The physicist Niels Bohr is attributed with the saying that “Prediction is very difficult, especially about the future.” Indeed, it may be that when it comes to the economy, forecasting is even harder than Bohr’s specialty of quantum mechanics.
Economic forecasters have not distinguished themselves in recent years – or, really, ever – with their ability to foresee events. As Adair Turner pointed out, “Modern macroeconomics and finance theory failed to provide us with any forewarning of the 2008 financial crisis.” That was the case even at the actual time of the 2008 financial crisis. According to a study by IMF economists, the consensus of forecasters in 2008 was that not one of 77 countries considered would be in recession the next year (49 of them were).
The idea that the great financial crisis was a shining example of perfect market equilibrium will seem counterintuitive to many
Traditionally, these difficulties have been blamed, not on the complexity of the world economic system, but on efficiency. According to Eugene Fama’s Efficient Market Hypothesis, markets are drawn to a stable, optimal equilibrium. Price changes are the result of rational investors reacting to random events that by definition cannot be predicted. However it is still possible, in theory, to make probabilistic predictions. Risk analysis tools such as Value at Risk (VaR), are used to compute the chances of a portfolio losing a certain amount.
The idea that the Great Financial Crisis was a shining example of perfect market equilibrium will seem counterintuitive to many. But the theory does give an excuse for all those missed forecasts. In fact, they just confirm its correctness. According to Fama, the efficient market hypothesis “did quite well in this episode”, and when asked if the crisis would lead to any changes in economics, he replied: “I don’t see any.” This impression was no doubt backed up when his work was awarded the economics version of a Nobel Prize in 2013.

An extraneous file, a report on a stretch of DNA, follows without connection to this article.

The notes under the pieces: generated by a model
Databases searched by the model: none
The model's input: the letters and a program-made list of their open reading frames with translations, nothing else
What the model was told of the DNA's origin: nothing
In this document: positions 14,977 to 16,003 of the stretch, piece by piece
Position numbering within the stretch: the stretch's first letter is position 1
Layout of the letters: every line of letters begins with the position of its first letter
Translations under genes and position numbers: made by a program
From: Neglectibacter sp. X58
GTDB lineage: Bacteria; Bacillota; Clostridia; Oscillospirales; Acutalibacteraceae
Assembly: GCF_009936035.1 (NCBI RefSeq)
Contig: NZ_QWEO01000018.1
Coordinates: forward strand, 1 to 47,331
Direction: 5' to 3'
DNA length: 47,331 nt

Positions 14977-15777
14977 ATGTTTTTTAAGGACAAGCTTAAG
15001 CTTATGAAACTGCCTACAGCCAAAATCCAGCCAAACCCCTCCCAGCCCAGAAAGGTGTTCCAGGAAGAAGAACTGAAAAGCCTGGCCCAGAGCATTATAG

Crisis of prediction
There has been little interest, at least from the mainstream, in reforming or replacing the fundamental tenets of economics. But what if prediction error is due, not to things such as stability, rationality, and efficiency, but to their opposite?
At the start of the last century, physics was faced with an even more serious crisis of prediction. Physicists knew that as an object – say the filament in a light bulb – was warmed, it would radiate energy – some in the form of visible light. According to theory, the energy would be channelled into short wavelengths of infinite power, and anyone turning on the light would be instantly annihilated – the so-called ultraviolet catastrophe.
The dominant theory of the atom was Rutherford’s ‘solar system’ model, in which a number of negatively charged electrons circle round a central, positively charged nucleus, like planets around the sun. But according to Maxwell’s equations, the circulating electrons would produce an electromagnetic wave, just as electrons in an antenna create a radio signal. They would radiate away their energy, slow down, and smash into the nucleus, all within less than a billionth of a second.